July carried me along in a whirl of travel, visits, getaways, and many many forms of media -- what better way to commemorate all this sabbatical fun that with a trip to ReviewZapalooza?

* Harry Potter and the Order of the Phoenix - As an aperitif before the release of Book 7, this hit the spot. I am a fan of this book, although many think it's dull or (in the case of the author herself!) poorly edited. I'll grant that the action is a little slow, but I just love the fascist repression of Dolores Umbridge and the gloominess of the whole thing. That, of course, doesn't translate well to the screen, at least in a PG-13 way, so here onscreen we see a lot more rebellion than repression. The kids are all great, and I love the idea of watching these young actors continue to evolve along with their characters. The adults get short shrift -- Gary Oldman, Emma Thompson, Maggie Smith, and even the villains Imelda Staunton and Alan Rickman are lucky to string 5 lines of dialogue together, sigh. There are also some painfully awkward transitions between scenes, and the Harry-Cho romance is all but dropped. But the boffo opening and awesome finale sort of make up for it...and anyway, this is just a taste of what's to come, right? Extra points for Luna Lovegood! (B+)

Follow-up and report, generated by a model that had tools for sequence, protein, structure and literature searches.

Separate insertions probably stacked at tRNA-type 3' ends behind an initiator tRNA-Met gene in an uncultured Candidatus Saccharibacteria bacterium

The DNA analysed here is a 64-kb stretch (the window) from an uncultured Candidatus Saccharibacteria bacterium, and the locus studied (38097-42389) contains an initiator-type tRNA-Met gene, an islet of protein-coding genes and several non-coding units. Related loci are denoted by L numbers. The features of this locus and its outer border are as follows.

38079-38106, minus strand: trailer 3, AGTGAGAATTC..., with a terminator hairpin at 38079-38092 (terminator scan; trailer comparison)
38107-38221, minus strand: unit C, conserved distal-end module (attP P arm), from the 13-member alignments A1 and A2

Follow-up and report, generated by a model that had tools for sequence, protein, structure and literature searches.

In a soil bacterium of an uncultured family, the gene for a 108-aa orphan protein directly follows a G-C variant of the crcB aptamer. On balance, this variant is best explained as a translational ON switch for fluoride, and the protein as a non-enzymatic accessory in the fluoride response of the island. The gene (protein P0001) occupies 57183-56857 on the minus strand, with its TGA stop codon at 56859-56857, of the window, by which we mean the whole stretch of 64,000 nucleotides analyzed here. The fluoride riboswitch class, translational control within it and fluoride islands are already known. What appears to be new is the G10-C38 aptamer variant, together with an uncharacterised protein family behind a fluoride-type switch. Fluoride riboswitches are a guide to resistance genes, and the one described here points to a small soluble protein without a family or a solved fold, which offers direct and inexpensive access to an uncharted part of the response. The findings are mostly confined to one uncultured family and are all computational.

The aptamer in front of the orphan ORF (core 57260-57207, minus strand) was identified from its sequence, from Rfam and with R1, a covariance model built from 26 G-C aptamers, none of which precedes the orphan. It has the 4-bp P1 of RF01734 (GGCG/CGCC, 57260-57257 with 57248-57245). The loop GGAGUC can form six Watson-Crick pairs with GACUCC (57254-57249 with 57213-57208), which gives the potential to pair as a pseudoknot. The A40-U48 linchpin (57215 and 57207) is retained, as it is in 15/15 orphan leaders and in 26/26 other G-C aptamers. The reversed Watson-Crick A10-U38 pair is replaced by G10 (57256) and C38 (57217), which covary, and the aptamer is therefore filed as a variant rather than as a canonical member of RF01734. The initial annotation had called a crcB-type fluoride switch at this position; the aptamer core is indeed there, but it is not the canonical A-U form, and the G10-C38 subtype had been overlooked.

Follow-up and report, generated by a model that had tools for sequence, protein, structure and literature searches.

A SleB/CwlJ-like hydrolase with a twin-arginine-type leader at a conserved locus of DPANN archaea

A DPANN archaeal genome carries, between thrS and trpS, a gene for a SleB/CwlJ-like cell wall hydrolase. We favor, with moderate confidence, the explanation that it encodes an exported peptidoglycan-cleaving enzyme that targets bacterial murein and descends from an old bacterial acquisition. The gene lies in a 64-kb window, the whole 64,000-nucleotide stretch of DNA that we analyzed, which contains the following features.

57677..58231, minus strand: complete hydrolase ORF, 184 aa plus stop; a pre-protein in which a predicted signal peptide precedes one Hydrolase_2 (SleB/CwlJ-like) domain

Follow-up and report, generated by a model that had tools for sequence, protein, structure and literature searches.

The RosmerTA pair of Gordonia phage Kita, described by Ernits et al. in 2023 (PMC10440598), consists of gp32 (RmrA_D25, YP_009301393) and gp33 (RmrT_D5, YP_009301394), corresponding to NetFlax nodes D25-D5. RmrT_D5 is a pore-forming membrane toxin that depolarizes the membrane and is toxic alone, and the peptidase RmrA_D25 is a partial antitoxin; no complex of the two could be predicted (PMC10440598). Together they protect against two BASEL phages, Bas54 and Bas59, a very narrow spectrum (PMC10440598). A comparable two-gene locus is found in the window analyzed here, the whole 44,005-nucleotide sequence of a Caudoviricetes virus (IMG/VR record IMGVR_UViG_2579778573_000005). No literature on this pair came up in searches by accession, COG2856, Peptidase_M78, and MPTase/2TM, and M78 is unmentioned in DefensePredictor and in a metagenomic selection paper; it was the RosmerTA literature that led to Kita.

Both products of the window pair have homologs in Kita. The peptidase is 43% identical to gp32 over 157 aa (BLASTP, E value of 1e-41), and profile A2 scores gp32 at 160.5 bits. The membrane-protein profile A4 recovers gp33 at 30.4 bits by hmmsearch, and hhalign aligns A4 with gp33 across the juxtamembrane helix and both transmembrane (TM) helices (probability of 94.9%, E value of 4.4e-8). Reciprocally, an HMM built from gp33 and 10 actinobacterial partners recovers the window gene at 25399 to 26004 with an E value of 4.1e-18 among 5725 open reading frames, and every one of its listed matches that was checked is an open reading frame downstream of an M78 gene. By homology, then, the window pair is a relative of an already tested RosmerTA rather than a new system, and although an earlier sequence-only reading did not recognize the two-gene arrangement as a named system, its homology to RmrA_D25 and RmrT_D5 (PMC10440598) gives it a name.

* Sicko - I went to see this at the behest of my sister, who is a social worker in a strapped regional hospital working with mostly geriatric Medicare patients. We sat in the suburban NJ theater surrounded by a curiously homogenous audience -- lots of couple in their late 50's, the wives coiffed, the husbands tanned and bespectacled, tenting their fingers and frowning at the screen. Yup, it was full of doctors! Ah, the irony. Michael Moore's latest is a step up from his usual play-dumb screed, and the reason is simple: what kind of counter-argument in favor of the US healthcare system could one possibly make? It's an awful mess, and everybody knows it: hard to find partisan rancor on that point. Moore studiously interviews a number of hapless Americans caught in the wheels of BigMed/BigPharm/BigInsurance, yet allows the cruelty and greed of the system to speak for itself rather than hammering it home with questions and badgering. The stories are sad enough on their own. Or, once he starts globetrotting to various national health systems abroad, sunny enough -- we hear average folks not quite singing the unalloyed praises of, but acknowledging the advantages of socialized medicine in Canada, Britain, France, and Cuba (!). Sure, Moore tends to allude to points that he never explores -- he sets up a query about the high French tax rate that supports their mindbogglingly comprehensive social services, from ER housecalls to state-subsidized nannies, but then never actually asks the sample couple how much they are taxed; apparently we are to infer from their comfy apartment that 60% is not all that painful a pinch. He also willfully sidesteps the possibility that his entire experience in Cuba, accompanied by ailing rescue workers from the WTC site, was staged for his benefit. But in the end, even his hammy impulses can't obscure the raw deal at the heart of our system -- it's just about money, not health or care. Sick, indeed. Extra points for the low-key socialist rebuke delivered by the London physician who points out that he can make a reasonably deluxe living with the NHS, while in the US doctors "who might want 3 or 4 nice cars, and a 5 or 6 bedroom house" are really part of the problem. Touche! (A-)